Tabula Rasa

Platform(s): PC
Genre: Online Multiplayer
Publisher: NCSoft
Developer: NCSoft

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PC Preview - 'Tabula Rasa'

by Steven Mills on Sept. 13, 2007 @ 6:40 a.m. PDT

A heroic task awaits you. Just beyond your galaxy, an ancient malevolence has embarked upon a covetous rampage. This demonic juggernaut seeks nothing less than the total enslavement of every world it encounters. Your world could be next. Developed from the ground up to be stable, fast and fun, Tabula Rasa represents a refreshing new approach to the design of multiplayer online games.

Genre: MMORPG
Publisher: NCSoft
Developer: Destination Games
Release Date: October 16, 2007

Richard Garriott has brought a lot to the gaming industry; he's responsible for the Lineage and Ultima franchises, City of Heroes, City of Villains and the hotly anticipated Tabula Rasa. He started out as a game programmer on the Apple II, and 28 years and over two dozen games later, Garriott is now the executive producer for Tabula Rasa. NCSoft has published many MMORPGs recently, including Guild Wars and its expansions, and Auto Assault. Some of these MMOs have been huge hits while others have not, but Tabula Rasa definitely shows great promise.

Tabula Rasa certainly isn't your typical MMORPG. Garriott was anxious to step away from the overused medieval, fantasy sword-fighting and magic-casting universe, so TR places you across many unique planets, filled with beautiful jungles, volcanic moons, and exotic alien civilizations. Rather than fighting boars and dragons, you'll battle aliens, mechs, and vicious unknown creatures. TR is set thousands of years after an ancient and highly advanced alien culture realized the key to a powerful science that unified all their known theories of physics. Finding this key unlocked the abilities of Logos — the game's "magic," if you will — which grant special powers such as manipulating matter, energy, and force in powerful new ways.

Aside from the different types of Logos that can cause destruction to your foes and the surrounding environment, TR introduces a variety of weapons with a futuristic look and feel, including blades, machine guns, pistols, polarity guns, rifles, and shotguns. These weapons can be used alongside Logos to wreak havoc until sundown. Utilizing a third-person view of your character along with the ability to adjust the camera, the game could easily be mistaken for an FPS. The title features crosshairs for your weapons, and left-clicking fires your current weapon, while right-clicking activates the currently assigned Logo. Other basics are at work here, like the WASD keys controlling movement, and the mouse being used to control the camera. This tried-and-true system works amazingly well for TR's exciting gameplay.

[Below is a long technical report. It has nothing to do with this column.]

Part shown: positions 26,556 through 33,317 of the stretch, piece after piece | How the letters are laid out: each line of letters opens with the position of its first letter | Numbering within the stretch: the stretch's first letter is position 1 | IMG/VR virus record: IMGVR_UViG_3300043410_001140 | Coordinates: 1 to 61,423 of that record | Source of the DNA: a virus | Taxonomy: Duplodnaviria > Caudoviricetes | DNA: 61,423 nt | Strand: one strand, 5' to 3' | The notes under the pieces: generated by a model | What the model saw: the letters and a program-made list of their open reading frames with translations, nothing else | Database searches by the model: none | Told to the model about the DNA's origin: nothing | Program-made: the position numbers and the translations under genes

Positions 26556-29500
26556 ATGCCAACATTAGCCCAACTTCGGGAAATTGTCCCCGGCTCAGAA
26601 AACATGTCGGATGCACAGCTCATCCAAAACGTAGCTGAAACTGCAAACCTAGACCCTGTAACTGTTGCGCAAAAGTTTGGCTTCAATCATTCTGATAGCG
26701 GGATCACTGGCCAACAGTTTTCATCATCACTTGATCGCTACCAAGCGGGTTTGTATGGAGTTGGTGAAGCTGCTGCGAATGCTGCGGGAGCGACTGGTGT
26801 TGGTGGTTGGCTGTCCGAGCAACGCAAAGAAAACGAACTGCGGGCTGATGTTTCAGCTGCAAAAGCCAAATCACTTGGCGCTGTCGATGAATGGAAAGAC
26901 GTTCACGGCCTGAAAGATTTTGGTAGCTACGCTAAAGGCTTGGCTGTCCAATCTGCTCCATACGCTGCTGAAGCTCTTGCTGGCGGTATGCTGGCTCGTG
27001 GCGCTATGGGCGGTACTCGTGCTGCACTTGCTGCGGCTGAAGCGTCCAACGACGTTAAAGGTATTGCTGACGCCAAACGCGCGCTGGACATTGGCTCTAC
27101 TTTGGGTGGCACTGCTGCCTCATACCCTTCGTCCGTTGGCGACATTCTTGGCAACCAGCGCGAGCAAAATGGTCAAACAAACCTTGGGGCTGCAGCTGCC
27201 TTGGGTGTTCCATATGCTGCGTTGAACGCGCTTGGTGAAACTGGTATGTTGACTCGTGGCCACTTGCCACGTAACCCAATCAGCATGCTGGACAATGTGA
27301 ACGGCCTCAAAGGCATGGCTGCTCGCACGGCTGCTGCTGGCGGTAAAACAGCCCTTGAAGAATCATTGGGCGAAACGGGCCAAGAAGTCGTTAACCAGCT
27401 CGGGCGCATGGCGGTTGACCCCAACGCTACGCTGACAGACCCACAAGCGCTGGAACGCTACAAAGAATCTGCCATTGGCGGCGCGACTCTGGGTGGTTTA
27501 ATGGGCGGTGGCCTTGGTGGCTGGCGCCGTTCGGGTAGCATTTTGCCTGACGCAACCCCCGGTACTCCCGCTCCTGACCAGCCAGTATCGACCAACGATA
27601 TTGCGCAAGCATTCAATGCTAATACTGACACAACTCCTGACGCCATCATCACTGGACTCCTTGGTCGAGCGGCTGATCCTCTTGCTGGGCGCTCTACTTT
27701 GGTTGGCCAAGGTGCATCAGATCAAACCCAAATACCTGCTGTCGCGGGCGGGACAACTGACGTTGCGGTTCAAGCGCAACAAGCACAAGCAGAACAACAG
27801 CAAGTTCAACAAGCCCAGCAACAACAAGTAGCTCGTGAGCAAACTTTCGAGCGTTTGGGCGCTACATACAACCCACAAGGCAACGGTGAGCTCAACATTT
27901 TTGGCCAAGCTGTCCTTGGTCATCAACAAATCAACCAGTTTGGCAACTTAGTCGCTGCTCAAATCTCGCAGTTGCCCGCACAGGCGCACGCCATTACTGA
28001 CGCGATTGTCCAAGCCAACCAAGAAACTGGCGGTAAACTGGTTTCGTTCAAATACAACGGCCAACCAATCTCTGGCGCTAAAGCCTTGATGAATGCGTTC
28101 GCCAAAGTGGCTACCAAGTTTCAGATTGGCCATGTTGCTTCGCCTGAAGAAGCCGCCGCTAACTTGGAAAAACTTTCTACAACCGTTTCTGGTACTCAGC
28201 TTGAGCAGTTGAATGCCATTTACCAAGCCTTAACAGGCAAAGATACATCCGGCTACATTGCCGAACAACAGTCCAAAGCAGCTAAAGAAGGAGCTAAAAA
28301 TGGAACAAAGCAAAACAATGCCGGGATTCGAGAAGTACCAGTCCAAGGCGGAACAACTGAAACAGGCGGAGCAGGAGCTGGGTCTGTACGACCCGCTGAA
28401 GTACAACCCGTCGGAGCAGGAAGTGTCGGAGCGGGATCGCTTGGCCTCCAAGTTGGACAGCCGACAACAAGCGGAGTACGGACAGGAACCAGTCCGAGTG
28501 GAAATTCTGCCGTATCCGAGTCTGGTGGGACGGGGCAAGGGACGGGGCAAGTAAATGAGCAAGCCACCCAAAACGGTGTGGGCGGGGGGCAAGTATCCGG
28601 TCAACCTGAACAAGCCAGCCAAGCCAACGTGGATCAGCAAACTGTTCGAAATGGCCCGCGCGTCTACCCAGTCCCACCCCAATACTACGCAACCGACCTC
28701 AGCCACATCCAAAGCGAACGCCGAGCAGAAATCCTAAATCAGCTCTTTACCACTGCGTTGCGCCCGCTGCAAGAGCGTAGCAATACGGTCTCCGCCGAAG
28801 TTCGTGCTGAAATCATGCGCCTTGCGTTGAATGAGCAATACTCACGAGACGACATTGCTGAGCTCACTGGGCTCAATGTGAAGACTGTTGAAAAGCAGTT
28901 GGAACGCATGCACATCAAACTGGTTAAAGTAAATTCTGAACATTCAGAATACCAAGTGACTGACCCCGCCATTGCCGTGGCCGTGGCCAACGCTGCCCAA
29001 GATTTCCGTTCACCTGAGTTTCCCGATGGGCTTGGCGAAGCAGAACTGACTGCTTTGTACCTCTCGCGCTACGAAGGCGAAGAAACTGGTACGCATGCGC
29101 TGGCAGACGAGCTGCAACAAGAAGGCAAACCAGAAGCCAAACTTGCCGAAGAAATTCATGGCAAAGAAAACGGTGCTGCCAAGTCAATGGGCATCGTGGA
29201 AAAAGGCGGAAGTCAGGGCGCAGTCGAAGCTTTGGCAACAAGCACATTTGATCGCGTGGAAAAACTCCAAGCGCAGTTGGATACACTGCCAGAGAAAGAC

All new players start off as a Recruit, a class which has basic armor and weapons, no specific skills, and some general knowledge. From there, they can branch off into Soldiers or Specialists, with the former being more geared toward armed combat, and the latter serving as support characters. The third tier consists of Commandos and Rangers for Soldiers, and Sappers and Biotechnicians for Specialists. Commandos and Rangers are packed with more firepower, while Sappers specialize in hacking and Biotechnicians use their knowledge of biology and Logos to unlock healing, poison, psychic, and biological abilities. The fourth tier of classes includes two branches for each third-tier class, which further specializes in a specific function.